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Kyrgyzstan: Murky Deals Remain Norm in Parliament

Kyrgyzstan’s newly elected parliament is sworn in to the Supreme Council in the capital Bishkek. Since the ceremony in late October 2015, several of the parliament members have given up their seats voluntarily or have been pushed out by legal proceedings and scandal. (Photo: Kyrgyzstan Supreme Council)

In the months following the cleanest elections ever held in Kyrgyzstan, several elected deputies suddenly lost their seats, and, in the process, revealed the shadowy horse-trading that passes for politics in Central Asia’s most lively parliament.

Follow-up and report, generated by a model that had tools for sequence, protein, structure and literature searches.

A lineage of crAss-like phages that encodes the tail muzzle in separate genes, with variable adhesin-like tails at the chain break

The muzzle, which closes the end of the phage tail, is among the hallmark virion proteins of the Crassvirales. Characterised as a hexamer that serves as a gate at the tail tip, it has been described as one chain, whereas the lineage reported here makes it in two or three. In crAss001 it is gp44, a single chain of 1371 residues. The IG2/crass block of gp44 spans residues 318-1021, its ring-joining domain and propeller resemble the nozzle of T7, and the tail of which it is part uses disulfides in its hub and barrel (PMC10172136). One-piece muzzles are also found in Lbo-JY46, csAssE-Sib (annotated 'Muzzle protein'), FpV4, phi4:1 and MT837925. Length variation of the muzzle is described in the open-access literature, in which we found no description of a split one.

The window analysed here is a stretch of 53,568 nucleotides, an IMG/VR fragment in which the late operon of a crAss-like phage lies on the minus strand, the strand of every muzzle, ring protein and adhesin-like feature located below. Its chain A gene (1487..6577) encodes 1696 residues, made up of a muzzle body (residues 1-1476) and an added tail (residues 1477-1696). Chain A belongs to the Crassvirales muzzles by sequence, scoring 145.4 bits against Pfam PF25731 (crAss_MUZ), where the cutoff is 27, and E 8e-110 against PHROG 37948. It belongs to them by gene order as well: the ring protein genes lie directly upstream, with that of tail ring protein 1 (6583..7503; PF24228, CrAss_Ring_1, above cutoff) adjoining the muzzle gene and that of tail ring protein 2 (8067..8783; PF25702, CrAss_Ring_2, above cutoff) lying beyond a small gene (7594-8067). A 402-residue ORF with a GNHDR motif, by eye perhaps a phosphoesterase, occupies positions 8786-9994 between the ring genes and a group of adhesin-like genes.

Some gave up their seats for a quieter or perhaps more lucrative life. Others were squeezed out in a fashion that will rekindle cynicism about the inner doings of political parties.

The parliamentary vote in October was meant to be a game-changer — a test of whether the country could hold a calm and fair contest at a time of peace. The vote in 2010 was held after the violent overthrow of a president, followed by the convulsion of ethnic unrest in southern Kyrgyzstan a few months later.

Fourteen parties competed for the 120 seats in parliament this time around.

To read the full story

Anna Lelik is a Bishkek-based reporter.

Kyrgyzstan: Murky Deals Remain Norm in Parliament

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